Real Estate Closing Settlement Statements

Real Estate Closing Settlement Statements

When you close on the purchase or sale of real estate, the financials can be confusing.  Over the years forms were developed for lenders to use in residential real estate transactions to calculate the financials and to explain them to the consumer.    Up until last year, the required form for residential real estate transactions with a lender involved was the “HUD-1”.  “HUD” is an abbreviation for “Housing and Urban Development.”  Even though this form was developed with the intention of giving transparency to real estate lending financials by trying to make them easier for the consumer to understand, it is not a form one can understand upon first glance.  I kept a color-coded “cheat sheet” tacked above my desk for my first busy season as a real estate attorney to help me put all the numbers in the right boxes.  Now that I’m used to the HUD-1, I am comfortable explaining it to clients and have a good routine for completing it, so I have been using it even for transactions which do not involve a lender. I am not alone in that practice, and clients involved in transactions without a lender are likely to keep seeing the HUD-1 for quite some time.

 

Last year new regulations went into effect for residential real estate lenders which, among many other changes, created a change to the required form for the settlement statement at closing.  The form is now called the “Closing Disclosure” or “CD.”  I think the best way to describe the difference would be that the CD seems like more of an outline format than the balance sheet style format of the HUD-1.  In addition, there is a separate disclosure form just for the Sellers of the real estate, to keep some of the Buyers’ financial information confidential.  Being a human and not unlike many humans, I initially didn’t like the CD because it’s different.  I have now used it and am up to giving it a rating of “not so bad after all,” despite being a creature of habit who still falls back on the HUD-1 when I can just because it is what I am most used to and can explain the most quickly;  The HUD-1 is shorter than the CD and I know exactly where to find what numbers I am looking for from memory.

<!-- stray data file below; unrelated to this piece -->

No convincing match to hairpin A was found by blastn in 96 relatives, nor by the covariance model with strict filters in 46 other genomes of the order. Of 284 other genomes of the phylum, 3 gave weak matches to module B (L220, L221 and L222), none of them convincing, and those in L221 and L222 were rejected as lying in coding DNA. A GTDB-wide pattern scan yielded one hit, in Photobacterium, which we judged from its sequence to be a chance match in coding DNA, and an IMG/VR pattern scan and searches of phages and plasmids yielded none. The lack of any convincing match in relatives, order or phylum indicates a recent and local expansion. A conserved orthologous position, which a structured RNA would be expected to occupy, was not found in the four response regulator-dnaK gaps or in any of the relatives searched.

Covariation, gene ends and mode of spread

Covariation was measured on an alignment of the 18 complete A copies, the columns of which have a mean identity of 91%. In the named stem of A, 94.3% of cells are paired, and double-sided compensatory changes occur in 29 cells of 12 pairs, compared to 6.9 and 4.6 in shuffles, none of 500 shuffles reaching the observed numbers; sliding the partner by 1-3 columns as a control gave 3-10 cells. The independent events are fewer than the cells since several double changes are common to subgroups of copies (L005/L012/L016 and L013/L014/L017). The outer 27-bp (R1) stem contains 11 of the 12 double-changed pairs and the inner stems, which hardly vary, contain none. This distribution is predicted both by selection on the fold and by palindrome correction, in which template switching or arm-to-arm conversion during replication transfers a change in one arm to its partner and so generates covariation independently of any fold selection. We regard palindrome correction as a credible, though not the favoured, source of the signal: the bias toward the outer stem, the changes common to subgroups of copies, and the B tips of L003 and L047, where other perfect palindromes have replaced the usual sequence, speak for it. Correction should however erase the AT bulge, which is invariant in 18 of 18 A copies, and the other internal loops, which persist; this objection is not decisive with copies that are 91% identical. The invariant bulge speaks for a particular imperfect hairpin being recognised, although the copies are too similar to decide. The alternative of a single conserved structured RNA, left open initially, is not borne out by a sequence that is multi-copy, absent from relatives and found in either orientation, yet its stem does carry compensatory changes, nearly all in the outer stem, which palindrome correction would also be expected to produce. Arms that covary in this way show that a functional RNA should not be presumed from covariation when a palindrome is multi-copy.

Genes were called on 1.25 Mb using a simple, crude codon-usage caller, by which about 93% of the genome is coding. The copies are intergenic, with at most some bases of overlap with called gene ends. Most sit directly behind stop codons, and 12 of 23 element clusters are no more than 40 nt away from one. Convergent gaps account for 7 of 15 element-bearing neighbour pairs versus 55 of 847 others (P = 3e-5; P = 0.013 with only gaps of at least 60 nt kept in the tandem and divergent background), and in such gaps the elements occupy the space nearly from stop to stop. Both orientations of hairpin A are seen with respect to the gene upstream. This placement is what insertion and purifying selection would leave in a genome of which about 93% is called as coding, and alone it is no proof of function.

I am interested to see how consumers feel about the CD versus the prior HUD-1 format.  As this season gets into full real estate swing, I would love to hear from people who have bought or sold property under both the old and new system, to see how they feel about it.  The forms are, after all, supposed to be built to serve the consumer.

female student is taking test in math. fingers in focus.

female student is taking test in math. fingers in focus.

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